What has become as much a tradition as Fairport opening at Cropredy, is Richard Digance opening up the third day. Again, there are different opinions of Richard Digance and his ‘graveyard slot.’ It’s a challenge each year for one of English entertainment’s stalwarts. The highlight of his set this year was not the 20,000 strong Morris dance, or the one liners, or the fact that Digance is working with Bill Bryson. This years highlight comes in the form of Richard Digance introducing Bobby Bragg (long time friend of Fairports Cropredy Convention; and compere on many occasions) to the stage. In 2014 he was lucky to be there after being told he wouldn’t due to being struck by cancer. In 2015 he made it again. Digance and Bragg are evidently mates, and for those that attend each year, it would have been hard to keep the lump in the throat away for this very poignant moment.
Cropredy’s ever diverse line up threw up The Blugraaas Cutters. Their bluegrass takes on The Doobie Brothers, Jimi Hendrix and The Police worked quite well. But their reworking of Elbow’s One Day Like This and Kylie’s Can’t Get You Out of My Head failed to hit the mark. Luckily, stellar renditions of Good Vibrations and I Can See For Miles ensured the set finished strongly.
They were followed by Band Of Friends, a three piece blues outfit playing the music of the late great Rory Gallagher and reminding the crowd what a talent the world lost by his untimely death. And then it was time for one of those moments that good festivals throw up every so often, a small epiphany when an artist you’ve been aware of for years suddenly blasts their way into your consciousness and just makes you say “wow, how come I’ve never listened to this person/band properly up to now”. With luck you get at least one such moment every year at Cropredy. Last year it was Marillion. This year it was eighties popstrel Toyah, who simply took the whole festival by the scruff of the neck and didn’t let go until she was good and done. Phrases like high energy get bandied around a lot but I don’t think she stopped dancing at any point and for those of us in the pit with our cameras it was just magical and she sounded great too.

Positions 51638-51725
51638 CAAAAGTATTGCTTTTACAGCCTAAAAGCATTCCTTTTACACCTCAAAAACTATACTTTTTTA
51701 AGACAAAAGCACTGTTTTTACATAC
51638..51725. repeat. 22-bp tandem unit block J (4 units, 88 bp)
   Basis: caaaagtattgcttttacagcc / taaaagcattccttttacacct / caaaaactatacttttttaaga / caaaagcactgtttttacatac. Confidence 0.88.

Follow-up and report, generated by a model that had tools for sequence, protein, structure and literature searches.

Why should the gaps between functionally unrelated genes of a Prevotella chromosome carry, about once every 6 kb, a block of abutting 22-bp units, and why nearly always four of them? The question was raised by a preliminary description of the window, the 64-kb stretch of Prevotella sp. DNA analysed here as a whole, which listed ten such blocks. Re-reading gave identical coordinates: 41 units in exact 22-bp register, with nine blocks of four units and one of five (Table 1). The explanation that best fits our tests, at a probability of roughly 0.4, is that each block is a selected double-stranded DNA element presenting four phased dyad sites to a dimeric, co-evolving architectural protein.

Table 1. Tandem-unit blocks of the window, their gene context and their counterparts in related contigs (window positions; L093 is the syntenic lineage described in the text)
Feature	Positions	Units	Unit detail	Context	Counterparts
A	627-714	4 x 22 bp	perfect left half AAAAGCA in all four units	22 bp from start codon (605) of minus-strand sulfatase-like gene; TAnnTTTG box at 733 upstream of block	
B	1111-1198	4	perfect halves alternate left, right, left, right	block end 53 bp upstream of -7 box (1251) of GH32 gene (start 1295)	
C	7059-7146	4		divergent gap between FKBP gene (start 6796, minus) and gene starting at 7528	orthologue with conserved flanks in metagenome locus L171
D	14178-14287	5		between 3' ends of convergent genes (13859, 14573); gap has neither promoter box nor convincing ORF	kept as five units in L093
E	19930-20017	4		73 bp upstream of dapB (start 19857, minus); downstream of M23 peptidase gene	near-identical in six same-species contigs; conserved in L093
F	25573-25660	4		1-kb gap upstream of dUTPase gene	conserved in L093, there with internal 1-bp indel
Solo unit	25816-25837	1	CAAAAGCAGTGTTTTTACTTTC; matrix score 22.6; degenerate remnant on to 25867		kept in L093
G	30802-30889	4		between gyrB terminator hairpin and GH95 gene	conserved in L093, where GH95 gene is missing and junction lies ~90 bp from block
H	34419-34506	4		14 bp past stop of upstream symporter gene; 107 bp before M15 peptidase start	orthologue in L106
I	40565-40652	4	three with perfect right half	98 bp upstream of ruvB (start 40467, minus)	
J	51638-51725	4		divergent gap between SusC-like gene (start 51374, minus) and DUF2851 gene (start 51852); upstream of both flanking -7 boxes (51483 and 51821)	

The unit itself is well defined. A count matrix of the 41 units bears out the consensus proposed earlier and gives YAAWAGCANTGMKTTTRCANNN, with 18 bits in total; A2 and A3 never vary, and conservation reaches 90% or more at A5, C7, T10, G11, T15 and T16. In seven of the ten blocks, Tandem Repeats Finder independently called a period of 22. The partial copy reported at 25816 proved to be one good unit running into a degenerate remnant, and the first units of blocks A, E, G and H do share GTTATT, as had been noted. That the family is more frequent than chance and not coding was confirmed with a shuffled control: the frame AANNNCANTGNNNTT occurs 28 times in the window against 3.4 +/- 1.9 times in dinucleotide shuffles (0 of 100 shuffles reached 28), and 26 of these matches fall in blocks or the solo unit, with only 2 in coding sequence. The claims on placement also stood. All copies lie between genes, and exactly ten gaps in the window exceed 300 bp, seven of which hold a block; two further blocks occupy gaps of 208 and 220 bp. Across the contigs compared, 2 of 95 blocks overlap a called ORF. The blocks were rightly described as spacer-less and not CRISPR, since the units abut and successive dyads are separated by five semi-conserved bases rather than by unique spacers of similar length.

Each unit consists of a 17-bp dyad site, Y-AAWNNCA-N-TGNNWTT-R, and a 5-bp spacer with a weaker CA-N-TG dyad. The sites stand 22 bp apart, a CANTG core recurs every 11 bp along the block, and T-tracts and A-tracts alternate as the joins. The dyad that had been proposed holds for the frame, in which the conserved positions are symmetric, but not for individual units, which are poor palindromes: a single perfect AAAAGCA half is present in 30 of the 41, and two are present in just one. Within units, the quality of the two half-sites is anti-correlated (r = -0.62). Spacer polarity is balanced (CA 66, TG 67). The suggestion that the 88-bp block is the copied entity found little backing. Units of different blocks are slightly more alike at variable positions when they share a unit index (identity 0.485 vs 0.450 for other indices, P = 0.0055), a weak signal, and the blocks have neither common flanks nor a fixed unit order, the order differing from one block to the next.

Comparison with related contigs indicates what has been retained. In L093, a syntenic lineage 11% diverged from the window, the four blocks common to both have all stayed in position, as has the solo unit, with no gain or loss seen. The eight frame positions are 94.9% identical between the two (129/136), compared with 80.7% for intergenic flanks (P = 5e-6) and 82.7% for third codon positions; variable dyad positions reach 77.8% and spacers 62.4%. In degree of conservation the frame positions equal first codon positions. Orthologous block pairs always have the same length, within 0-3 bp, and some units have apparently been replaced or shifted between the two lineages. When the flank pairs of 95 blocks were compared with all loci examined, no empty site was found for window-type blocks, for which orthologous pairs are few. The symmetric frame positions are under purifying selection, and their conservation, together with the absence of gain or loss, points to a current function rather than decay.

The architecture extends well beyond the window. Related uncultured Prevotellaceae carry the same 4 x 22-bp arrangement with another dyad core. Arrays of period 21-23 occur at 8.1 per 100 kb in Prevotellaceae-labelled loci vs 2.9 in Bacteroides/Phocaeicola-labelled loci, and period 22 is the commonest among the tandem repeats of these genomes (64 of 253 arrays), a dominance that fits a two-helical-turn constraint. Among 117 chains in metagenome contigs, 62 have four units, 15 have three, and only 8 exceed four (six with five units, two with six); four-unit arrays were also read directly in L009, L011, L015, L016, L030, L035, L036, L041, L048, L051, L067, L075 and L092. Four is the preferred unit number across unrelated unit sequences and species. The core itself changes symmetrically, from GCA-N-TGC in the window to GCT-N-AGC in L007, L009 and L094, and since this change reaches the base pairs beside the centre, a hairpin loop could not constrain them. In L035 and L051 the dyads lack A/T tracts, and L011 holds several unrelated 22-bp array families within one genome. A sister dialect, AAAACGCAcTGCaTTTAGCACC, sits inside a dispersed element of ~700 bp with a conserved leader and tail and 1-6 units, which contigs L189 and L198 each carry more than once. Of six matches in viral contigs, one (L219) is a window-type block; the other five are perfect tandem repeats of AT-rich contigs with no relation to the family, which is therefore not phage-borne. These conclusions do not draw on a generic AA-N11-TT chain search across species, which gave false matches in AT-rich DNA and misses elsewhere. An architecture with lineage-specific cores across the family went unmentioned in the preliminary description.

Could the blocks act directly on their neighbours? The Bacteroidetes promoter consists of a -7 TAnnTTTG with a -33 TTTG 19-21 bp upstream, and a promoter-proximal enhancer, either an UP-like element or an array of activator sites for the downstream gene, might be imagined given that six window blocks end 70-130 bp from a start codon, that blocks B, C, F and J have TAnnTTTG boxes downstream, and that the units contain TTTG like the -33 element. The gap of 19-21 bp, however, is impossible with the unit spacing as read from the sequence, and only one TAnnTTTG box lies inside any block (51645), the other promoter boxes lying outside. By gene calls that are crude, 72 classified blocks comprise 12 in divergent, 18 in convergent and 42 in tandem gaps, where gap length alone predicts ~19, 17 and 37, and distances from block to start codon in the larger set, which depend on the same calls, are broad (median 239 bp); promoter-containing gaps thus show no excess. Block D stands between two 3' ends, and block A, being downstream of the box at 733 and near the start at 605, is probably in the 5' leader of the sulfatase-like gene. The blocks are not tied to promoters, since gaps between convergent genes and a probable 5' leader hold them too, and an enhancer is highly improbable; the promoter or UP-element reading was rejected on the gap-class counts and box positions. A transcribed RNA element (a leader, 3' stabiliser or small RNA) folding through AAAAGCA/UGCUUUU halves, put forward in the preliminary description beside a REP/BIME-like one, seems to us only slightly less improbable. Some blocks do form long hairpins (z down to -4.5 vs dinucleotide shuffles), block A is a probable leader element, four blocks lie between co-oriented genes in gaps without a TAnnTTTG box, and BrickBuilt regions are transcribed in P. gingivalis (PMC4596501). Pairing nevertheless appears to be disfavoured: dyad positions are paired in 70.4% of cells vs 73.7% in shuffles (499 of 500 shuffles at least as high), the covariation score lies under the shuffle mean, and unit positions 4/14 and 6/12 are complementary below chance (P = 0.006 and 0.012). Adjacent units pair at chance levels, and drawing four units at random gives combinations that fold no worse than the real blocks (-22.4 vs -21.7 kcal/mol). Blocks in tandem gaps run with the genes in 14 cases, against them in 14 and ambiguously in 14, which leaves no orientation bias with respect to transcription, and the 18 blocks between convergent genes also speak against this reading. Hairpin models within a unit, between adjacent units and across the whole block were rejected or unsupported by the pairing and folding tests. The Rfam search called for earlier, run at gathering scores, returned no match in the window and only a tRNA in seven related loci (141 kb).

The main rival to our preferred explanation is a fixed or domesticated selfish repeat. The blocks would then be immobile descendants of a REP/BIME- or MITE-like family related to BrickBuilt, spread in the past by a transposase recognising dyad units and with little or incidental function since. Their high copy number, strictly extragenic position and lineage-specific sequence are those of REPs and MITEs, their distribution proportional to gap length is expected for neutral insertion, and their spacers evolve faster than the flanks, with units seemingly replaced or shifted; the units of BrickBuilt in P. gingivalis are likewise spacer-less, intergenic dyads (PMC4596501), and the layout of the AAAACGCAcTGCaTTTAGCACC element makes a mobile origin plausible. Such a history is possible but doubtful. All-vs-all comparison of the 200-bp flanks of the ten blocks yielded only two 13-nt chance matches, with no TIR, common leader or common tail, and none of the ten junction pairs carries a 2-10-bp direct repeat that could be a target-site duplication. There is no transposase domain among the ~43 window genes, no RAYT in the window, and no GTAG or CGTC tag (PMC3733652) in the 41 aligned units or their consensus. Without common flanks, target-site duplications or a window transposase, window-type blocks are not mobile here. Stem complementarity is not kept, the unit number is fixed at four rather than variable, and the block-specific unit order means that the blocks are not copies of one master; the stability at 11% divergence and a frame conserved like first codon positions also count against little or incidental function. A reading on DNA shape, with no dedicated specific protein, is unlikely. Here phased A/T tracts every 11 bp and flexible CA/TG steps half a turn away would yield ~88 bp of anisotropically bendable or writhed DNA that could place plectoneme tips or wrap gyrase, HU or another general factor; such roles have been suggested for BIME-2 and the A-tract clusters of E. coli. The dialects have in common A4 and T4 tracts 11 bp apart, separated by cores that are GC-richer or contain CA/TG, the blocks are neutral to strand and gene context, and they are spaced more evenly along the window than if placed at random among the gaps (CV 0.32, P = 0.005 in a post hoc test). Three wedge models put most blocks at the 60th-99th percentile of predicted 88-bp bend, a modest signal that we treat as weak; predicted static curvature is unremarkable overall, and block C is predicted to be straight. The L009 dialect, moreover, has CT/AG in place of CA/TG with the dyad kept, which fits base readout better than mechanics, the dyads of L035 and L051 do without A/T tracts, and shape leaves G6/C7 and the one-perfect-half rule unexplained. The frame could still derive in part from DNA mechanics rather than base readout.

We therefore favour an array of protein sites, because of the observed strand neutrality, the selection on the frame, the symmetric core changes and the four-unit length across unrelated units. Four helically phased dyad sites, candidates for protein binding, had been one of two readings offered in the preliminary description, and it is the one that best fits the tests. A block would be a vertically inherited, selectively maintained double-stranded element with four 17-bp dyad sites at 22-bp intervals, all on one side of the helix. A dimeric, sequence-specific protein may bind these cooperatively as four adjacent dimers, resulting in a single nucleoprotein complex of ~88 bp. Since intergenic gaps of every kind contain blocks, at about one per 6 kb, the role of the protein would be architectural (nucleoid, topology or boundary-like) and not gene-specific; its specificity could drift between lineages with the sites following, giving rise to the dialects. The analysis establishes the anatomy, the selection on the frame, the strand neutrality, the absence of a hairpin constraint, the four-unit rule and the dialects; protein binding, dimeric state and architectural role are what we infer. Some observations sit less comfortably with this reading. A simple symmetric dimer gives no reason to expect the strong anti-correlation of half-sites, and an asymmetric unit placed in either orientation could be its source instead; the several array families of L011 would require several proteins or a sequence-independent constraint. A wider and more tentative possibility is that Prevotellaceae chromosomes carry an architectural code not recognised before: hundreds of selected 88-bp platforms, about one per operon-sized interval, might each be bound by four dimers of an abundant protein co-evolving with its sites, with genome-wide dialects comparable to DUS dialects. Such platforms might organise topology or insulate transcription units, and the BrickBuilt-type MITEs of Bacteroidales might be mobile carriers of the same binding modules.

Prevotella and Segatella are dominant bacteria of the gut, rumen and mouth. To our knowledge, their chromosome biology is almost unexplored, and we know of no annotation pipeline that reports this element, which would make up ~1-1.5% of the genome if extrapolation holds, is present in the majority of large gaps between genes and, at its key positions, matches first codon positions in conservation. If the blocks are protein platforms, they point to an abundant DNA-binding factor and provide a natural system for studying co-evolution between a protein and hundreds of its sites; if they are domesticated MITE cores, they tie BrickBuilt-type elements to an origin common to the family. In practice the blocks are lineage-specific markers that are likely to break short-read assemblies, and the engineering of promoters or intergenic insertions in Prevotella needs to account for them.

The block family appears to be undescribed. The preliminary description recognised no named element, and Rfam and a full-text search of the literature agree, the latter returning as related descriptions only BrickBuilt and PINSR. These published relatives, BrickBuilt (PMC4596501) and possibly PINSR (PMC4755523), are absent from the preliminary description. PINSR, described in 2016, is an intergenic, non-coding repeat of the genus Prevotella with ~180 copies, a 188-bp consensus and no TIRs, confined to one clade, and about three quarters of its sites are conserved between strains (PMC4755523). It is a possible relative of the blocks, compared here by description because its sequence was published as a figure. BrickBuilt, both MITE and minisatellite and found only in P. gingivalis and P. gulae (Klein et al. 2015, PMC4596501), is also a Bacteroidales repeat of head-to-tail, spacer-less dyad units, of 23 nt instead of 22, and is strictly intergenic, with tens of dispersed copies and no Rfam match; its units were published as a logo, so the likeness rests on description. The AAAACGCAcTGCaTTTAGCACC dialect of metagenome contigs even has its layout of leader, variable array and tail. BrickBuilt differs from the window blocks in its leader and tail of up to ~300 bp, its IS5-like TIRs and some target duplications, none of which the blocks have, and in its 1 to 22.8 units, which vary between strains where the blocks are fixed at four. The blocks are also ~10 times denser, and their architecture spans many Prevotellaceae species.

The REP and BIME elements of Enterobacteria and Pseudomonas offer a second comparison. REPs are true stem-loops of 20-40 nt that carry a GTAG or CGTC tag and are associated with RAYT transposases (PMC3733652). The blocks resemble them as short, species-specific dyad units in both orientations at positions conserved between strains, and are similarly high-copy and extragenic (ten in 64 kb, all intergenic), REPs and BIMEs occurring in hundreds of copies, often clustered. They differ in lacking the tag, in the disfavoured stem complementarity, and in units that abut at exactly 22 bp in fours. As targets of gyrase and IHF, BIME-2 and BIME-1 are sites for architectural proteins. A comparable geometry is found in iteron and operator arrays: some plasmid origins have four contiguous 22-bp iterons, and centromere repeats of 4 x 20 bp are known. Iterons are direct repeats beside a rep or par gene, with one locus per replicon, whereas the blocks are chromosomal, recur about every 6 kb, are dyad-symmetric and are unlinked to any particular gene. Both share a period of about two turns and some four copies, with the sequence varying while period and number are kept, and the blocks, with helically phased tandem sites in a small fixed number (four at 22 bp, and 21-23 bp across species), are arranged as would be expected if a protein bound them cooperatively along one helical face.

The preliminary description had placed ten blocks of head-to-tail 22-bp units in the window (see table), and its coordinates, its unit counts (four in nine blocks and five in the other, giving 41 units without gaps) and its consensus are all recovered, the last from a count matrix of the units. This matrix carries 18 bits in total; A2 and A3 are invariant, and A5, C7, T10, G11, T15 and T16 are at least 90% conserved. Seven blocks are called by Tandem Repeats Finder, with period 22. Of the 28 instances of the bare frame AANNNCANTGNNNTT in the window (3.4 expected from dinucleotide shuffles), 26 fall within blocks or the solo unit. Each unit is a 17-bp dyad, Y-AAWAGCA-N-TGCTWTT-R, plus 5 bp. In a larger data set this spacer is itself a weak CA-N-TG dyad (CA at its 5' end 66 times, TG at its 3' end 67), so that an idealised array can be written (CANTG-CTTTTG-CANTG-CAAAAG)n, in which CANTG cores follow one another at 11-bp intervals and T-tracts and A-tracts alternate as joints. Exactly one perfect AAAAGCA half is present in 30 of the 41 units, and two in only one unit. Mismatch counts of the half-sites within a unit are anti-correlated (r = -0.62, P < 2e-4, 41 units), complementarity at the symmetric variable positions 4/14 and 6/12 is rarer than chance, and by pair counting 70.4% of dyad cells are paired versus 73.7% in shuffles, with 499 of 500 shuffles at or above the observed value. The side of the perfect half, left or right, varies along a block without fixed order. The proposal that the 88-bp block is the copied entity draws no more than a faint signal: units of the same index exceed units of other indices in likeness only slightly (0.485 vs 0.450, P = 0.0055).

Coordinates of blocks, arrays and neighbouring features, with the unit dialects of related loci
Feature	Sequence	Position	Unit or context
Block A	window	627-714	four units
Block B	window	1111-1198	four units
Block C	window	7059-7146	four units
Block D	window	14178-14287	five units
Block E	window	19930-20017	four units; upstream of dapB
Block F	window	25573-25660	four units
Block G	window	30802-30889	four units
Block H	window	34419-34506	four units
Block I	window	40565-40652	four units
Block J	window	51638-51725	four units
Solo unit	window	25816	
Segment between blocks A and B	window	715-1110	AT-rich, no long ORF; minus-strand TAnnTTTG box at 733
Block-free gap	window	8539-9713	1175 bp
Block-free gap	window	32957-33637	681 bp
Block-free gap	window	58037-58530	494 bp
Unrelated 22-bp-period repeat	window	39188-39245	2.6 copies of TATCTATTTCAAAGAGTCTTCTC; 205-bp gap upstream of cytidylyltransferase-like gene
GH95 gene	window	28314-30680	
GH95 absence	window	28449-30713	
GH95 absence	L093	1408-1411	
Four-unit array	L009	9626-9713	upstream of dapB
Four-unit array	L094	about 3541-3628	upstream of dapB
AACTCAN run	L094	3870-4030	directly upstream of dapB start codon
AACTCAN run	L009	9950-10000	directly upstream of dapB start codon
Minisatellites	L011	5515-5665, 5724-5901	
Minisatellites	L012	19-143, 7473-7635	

Next up was a fine set from of fock and soul from Paul Carrack and then it was time for Fairport themselves to take the stage and close out their very own festival with a two hour set that showed their versatility and virtuosity as they treated the crowd to a set which ranged from English folk classics like Sir Patrick Spens to songs from their excellent recent Myths And Heroes album. Of course it all came to a glorious finish with Matty Groves and a resounding Meet On The Ledge, featuring the voices of twenty thousand plus people and five of the most popular musicians in the country.
All in all, a great weekend. Some old friends revisited, some new discoveries and plenty of promises to meet up again next year for another glorious weekend of music, sunshine and an occasional tropical storm.
Words by Dom Walsh and idp. You can read more from Dom at his author’s archive here. Dom also tweets as @bwfcdom83.More work by idp can be found in his Louder Than War archive. His photography website is here and his photo blog is here. It is entirely idp’s fault that this review took such a long time to get published.